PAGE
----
Well, time to come to grips with what has been a wonderful journey, a great read and a thought provoking diversion. Vintage Tomorrows by Brian David Johnson and James Carrott stems, according to the authors, from a passing discussion in a pub between a historian and a futurist. The outcome is an unexpected delight. A critical, deep and probing questioning of what makes steampunk tick. For the unfamiliar, steampunk is a counter-culture bubbling underneath our days-to-day lives and often simply characterised as neo-Victorian science fiction. But, the premise of this book is that that is far too simple a definition and the authors chronicle their attempt to try to expose the deeper motivations behind the surface effect of fancy dress costumes, glistening brass gears and a fascination with clockwork ornamentation. The result is a deliciously readable, superbly crafted and constructed expose that demands that the reader engages and is open to self-reflection, but is rewarded with some far reaching realisations about how we perceive today’s world and humanity’s engagement with our own history. This is a book about how humanity engages with technology and the nature of the relationship is deep, fluid and individual.
Normally I approach most of the books I review with a reviewer’s perspective. That is, I tend to try to determine the author’s objective and rapidly consider the structure and the methodology employed to meet the objective. I may not read the book with the normal attention to each word and phrase, but instead engaged selectively. When I chose to review Vintage Tomorrows I was motivated by a subtle fascination with steampunk. I don’t participate, but I am aware. I sensed that this book might adopt an approach of chronicling the more physical manifestations of the phenomenon and I would be treated to some cool pictures and eye candy. I couldn’t have been wrong — and I realised this quickly. This is a deeper think piece, there’s limited eye-candy and a serious amount of brain food. It causes you to think and to be really drawn into reading the book deeply. I realised that I would not being completing this review quickly…I ended up savouring the prose and the objective and living with this one for a couple weeks. It gave me pause to think and that makes this a seriously exceptional book.
I desperately want to share the Johnson and Carrott’s arguments and illustrations, but restrain myself. Why? This is a book to be savoured and if I were to distill it down to gross simplicity I would be doing a great disservice to the authors and to you a potential reader.
This is not a short read and it does demand engagement from the reader. All I will say it is well worth it. The authors chronicle their own deepening engagement with many of the popular performers in the larger steampunk community — from authors, to organisers of events, to participants in iconic festivals such as Burning Man. They recount some of the absolutely clever ways in which they teased out their own understanding of it — without spoiling anything — is demonstrated by staging of multi-course dinner around primary questions for the invitees to consider — and then to let it take a life of its own is conceptually brilliant and superbly captured and recounted. I must find the short documentary — I have not been able to yet. The authors do an exceptional two hander of going off to different events or meetings on their own, yet finding a single voice.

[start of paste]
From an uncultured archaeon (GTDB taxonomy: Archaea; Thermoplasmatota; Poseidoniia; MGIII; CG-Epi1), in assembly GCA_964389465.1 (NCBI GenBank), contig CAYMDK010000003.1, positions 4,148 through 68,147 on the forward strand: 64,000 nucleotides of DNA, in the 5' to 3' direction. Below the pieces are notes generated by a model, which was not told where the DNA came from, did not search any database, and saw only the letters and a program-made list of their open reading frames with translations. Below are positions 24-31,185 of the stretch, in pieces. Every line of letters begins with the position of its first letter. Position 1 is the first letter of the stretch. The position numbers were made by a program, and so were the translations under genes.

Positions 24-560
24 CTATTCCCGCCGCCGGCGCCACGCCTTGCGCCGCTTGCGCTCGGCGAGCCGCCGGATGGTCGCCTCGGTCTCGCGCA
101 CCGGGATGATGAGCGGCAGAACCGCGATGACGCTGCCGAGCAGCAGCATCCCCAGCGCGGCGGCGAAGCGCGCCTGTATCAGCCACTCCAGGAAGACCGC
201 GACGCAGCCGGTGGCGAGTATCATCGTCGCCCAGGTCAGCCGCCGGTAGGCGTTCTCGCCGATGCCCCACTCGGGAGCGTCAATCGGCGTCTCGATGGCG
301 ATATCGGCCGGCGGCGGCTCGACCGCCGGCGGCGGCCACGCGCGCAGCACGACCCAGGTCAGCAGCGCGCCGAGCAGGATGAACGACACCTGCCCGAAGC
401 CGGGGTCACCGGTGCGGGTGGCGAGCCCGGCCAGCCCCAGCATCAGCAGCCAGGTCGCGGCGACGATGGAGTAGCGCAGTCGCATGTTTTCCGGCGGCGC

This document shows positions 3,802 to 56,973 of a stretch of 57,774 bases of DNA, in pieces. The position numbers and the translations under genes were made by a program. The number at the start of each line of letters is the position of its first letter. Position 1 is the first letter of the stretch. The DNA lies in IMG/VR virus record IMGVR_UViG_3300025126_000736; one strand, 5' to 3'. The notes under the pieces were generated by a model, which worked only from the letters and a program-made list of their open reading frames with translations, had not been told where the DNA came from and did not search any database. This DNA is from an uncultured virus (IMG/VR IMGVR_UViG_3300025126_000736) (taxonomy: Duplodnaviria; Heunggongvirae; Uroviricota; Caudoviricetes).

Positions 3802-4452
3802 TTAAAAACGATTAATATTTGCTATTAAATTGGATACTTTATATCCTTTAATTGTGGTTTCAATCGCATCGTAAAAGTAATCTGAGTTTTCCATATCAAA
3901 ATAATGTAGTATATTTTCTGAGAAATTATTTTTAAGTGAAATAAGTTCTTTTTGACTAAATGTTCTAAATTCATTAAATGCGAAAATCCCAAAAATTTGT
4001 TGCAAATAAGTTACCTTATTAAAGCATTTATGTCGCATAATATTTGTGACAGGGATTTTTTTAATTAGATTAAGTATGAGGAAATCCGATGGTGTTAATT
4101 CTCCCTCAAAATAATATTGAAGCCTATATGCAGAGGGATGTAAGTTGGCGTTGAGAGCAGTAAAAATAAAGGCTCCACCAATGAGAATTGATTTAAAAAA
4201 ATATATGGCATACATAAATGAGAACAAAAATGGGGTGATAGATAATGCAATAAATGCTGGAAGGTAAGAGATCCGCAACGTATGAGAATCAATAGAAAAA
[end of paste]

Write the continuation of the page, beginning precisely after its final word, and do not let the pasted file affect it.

But, admittedly, the story arch and recounting meetings and events can start to get slightly predictable by the middle and that’s when the author’s (I can only assume quite skilfully and intentionally) pull you right back in by mixing it up. They foreshadowed the whole question of why Victorianism and Empire at numerous junctures during the early part of the book, but only teasingly. Then they ask the question — ‘the elephant’ in the room — Why glorify a time that seems rooted in today what we could only describe as morally questionable if not rooted in evil? This is the hinge point in a well constructed discussion…and now I want to read on.
The authors sum it up with a rather pithy observation about steampunk and what it is engaging. In response to perception that it potentially glorifies something less than savoury, they state simply that ‘Steampunk isn’t just fun, it’s smart, self-critical, inclusive and welcoming. Sounds like a wonderful model for society itself and really captures the essence of the surprisingly diverse examples explored in the wonderful journey that is this book. I recommend and commend with no reservation and can only wish that academic publishing and practitioners could take such a creative means to their studies and such skill in conveying their findings. This is one of the most ‘fun’ books I have read in quiet a while for all the reasons that the steampunk subculture is itself. Read this book!